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Fertilizer Costs Imperil Food Supplies

SuSanA Secretariat, CC BY 2.0 <https://creativecommons.org/licenses/by/2.0>, via Wikimedia Commons
SuSanA Secretariat, CC BY 2.0 

Before Moscow invaded its neighbor in February, food insecurity had begun to spike. According to the United Nations, more than half a million people live in famine conditions, increasing more than 500% since 2016.

The UN Secretary-General Antonio Guterres has said that Russia’s war “threatens to tip tens of millions of people over the edge into food insecurity.”

Russia and Ukraine alone produce 30 percent of the global wheat supply. The U.S. Department of Agriculture predicts Ukraine’s wheat production to fall by 35% to 21.5 million tonnes due to the war. In addition, the price of wheat jumped on international markets after India banned exports on May 14. The export ban comes after a heatwave hit India’s wheat crops, taking domestic prices to a record high.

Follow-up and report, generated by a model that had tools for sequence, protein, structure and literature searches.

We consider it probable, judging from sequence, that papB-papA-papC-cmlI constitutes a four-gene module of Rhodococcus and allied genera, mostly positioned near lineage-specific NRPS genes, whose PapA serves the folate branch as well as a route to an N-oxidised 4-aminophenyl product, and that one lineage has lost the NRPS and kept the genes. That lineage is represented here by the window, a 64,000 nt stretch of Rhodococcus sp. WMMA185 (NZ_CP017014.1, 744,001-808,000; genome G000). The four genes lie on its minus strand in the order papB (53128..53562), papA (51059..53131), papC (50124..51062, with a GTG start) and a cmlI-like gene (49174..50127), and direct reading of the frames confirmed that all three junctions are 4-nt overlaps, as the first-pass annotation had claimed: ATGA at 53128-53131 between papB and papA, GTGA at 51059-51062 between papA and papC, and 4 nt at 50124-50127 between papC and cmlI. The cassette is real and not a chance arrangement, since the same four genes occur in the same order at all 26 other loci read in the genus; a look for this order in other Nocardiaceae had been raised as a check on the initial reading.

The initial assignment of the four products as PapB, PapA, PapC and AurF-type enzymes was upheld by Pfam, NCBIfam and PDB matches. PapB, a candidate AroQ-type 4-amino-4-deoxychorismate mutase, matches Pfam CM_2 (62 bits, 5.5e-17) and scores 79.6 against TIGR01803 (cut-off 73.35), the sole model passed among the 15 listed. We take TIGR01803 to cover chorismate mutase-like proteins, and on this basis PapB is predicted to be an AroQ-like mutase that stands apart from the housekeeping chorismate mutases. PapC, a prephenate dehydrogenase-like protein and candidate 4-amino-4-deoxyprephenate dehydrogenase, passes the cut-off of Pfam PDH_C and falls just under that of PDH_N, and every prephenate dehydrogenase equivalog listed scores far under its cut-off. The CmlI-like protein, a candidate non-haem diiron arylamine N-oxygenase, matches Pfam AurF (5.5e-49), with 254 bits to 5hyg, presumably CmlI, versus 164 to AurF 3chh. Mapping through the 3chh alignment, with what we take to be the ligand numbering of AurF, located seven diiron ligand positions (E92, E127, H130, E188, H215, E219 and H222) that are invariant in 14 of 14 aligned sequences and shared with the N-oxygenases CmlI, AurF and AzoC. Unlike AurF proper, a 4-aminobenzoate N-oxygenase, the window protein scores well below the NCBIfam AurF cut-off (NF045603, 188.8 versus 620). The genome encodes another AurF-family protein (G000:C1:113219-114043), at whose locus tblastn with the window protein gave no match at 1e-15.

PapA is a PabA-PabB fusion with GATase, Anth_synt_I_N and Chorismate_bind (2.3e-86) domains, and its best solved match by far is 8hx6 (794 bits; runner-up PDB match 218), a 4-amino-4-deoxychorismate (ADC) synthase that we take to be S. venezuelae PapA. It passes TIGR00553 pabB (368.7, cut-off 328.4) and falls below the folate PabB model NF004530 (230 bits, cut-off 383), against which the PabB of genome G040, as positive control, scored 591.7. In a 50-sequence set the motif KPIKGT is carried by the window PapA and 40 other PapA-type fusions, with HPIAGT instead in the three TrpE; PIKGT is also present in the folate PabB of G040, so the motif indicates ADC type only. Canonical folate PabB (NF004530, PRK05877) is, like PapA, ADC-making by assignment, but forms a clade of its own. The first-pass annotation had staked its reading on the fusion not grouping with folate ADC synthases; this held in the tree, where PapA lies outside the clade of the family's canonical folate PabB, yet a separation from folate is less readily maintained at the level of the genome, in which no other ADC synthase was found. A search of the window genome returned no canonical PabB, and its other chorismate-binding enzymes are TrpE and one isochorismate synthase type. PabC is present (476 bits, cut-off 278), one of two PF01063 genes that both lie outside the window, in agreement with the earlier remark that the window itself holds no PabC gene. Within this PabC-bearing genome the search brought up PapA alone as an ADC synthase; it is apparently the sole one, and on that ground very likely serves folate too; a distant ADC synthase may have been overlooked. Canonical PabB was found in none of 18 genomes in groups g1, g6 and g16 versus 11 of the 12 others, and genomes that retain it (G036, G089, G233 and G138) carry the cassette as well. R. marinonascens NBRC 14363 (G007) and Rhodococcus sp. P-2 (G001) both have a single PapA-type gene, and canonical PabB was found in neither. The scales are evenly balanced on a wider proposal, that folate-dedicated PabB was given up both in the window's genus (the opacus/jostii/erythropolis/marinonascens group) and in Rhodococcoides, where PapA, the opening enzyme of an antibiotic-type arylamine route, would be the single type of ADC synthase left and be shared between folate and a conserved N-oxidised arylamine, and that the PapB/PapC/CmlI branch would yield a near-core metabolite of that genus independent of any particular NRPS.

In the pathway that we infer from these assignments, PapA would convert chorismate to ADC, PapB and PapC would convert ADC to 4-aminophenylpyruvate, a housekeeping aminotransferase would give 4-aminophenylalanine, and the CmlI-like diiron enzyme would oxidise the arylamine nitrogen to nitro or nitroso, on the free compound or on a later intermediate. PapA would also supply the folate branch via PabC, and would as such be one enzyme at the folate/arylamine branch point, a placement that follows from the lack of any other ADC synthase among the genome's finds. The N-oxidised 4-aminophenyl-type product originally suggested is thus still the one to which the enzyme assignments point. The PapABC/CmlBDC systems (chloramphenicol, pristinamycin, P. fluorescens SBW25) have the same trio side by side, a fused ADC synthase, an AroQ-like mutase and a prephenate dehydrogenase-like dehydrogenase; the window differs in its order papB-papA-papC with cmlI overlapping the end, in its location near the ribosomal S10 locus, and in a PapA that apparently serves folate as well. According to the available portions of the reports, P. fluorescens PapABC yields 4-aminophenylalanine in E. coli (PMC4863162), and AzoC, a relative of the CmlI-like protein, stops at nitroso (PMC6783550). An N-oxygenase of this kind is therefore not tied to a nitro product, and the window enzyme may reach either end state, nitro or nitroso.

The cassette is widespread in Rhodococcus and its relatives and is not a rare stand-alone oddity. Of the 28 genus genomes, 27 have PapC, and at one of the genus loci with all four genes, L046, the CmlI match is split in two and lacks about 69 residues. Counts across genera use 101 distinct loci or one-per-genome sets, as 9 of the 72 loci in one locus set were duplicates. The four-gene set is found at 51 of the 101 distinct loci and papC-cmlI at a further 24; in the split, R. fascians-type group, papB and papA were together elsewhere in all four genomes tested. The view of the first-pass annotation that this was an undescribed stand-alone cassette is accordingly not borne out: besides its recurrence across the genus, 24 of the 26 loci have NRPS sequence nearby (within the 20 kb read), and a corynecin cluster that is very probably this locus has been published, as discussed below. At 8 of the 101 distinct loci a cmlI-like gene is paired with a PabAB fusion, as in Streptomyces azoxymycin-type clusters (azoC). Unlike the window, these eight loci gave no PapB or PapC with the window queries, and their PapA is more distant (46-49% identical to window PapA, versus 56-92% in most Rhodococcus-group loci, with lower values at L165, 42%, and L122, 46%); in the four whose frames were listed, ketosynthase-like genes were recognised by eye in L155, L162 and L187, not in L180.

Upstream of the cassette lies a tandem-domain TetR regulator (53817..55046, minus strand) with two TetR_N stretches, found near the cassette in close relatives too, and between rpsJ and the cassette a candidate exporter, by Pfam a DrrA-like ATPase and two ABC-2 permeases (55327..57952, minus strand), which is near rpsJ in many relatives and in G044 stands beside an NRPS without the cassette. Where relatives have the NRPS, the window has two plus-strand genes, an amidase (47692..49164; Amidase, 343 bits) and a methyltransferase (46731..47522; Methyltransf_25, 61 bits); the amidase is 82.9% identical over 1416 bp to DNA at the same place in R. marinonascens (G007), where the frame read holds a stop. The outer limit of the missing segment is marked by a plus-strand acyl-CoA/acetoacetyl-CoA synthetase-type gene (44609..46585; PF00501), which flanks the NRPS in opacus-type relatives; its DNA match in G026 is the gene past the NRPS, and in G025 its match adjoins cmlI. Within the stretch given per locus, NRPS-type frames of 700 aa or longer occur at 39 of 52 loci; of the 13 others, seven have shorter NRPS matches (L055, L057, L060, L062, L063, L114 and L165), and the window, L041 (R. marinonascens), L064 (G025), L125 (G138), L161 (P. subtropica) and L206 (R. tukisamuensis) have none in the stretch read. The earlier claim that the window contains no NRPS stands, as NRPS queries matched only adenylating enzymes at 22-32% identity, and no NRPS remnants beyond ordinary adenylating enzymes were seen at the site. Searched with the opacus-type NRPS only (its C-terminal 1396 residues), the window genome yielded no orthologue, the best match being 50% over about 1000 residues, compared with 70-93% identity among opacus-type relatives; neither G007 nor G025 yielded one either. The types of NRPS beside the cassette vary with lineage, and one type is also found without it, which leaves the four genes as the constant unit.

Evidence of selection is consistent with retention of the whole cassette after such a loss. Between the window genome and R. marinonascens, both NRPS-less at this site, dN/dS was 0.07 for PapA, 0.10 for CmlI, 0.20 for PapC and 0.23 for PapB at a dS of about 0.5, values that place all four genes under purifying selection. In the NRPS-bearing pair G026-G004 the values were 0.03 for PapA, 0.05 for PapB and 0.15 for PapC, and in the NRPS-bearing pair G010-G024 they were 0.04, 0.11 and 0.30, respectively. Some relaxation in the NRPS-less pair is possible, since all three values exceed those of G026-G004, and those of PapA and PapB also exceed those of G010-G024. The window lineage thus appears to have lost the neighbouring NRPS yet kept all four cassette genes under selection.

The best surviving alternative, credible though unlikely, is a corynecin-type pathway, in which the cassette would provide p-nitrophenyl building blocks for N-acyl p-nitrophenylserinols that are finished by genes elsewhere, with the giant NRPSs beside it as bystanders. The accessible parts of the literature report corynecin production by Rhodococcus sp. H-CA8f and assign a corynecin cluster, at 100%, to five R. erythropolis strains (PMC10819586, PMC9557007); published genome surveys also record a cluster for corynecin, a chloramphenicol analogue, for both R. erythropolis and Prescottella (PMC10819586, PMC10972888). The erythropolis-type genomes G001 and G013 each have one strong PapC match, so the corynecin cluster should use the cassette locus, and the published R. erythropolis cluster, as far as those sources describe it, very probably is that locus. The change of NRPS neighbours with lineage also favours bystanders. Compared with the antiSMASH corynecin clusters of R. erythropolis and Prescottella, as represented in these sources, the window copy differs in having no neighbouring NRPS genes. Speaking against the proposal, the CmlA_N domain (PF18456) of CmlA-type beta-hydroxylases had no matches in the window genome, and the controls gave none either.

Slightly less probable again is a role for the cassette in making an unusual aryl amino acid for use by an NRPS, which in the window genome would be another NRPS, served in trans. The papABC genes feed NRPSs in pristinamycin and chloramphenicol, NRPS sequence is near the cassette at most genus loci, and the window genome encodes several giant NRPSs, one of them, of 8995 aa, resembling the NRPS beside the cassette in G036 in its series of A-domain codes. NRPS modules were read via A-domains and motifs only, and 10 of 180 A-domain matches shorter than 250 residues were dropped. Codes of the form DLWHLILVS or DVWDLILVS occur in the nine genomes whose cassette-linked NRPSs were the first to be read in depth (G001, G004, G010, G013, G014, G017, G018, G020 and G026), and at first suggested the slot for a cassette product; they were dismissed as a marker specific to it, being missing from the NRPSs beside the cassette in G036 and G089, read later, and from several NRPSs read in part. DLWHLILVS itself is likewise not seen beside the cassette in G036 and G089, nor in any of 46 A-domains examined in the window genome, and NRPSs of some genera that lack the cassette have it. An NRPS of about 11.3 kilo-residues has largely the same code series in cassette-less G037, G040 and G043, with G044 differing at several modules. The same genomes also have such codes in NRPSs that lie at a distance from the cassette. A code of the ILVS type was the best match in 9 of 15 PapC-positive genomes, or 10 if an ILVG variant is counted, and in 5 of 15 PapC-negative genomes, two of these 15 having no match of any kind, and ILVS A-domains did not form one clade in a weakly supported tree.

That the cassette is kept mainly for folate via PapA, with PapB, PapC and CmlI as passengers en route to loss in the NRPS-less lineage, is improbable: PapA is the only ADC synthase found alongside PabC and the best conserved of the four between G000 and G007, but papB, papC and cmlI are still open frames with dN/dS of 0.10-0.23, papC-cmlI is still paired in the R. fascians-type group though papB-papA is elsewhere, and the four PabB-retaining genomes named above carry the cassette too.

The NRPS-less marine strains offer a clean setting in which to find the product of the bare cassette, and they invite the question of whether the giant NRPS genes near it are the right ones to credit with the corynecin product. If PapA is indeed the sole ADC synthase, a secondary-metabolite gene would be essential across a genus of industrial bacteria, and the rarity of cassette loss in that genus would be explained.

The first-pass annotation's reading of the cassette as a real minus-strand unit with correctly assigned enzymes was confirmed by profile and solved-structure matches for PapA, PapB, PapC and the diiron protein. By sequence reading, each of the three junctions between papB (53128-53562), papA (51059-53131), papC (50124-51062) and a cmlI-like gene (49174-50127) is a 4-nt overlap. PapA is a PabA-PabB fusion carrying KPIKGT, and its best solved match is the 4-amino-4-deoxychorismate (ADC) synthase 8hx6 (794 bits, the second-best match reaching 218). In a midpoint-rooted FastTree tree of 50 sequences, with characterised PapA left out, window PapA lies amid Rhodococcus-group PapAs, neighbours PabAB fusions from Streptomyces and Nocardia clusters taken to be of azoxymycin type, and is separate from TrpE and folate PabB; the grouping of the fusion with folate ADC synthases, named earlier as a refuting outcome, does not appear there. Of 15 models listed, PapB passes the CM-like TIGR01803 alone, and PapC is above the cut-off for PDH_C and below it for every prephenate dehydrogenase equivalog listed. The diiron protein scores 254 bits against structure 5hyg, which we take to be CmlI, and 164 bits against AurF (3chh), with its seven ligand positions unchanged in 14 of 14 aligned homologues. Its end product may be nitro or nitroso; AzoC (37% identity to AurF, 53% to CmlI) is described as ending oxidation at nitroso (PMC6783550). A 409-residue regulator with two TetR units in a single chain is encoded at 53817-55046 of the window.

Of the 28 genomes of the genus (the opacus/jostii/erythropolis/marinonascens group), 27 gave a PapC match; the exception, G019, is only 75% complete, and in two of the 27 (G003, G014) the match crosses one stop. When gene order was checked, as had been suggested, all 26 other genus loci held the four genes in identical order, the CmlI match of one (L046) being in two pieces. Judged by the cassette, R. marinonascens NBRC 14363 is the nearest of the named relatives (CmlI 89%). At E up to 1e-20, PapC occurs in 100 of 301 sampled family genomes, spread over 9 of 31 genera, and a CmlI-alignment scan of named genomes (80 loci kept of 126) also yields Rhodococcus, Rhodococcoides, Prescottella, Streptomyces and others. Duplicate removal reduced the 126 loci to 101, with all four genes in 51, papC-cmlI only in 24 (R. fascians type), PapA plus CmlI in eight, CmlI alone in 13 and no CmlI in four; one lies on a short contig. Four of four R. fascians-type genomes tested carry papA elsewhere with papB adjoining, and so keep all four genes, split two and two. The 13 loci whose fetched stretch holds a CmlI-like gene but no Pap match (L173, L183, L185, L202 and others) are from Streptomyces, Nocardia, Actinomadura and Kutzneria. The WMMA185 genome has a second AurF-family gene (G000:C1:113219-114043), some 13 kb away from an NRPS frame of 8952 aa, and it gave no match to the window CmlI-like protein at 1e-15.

Guterres also said Russian food and fertilizers “must have full and unrestricted access to world markets.”

Russian fertilizers are not subject to Western sanctions, but the world’s largest exporter has blocked vital exports. According to the Food and Agriculture Organization, Russia accounted for 16% of global exports of nitrogenous fertilizers, 19% of potash, and 14% of phosphates in 2019.

In another risk to global food security, in July 2021, Beijing ordered Chinese fertilizer companies to stop exports. Before the restrictions, the share of the world’s second-largest fertilizer exporter was 24% for phosphates, 13% for nitrogen, and 2% for potash. China is the world’s top exporter of phosphates.

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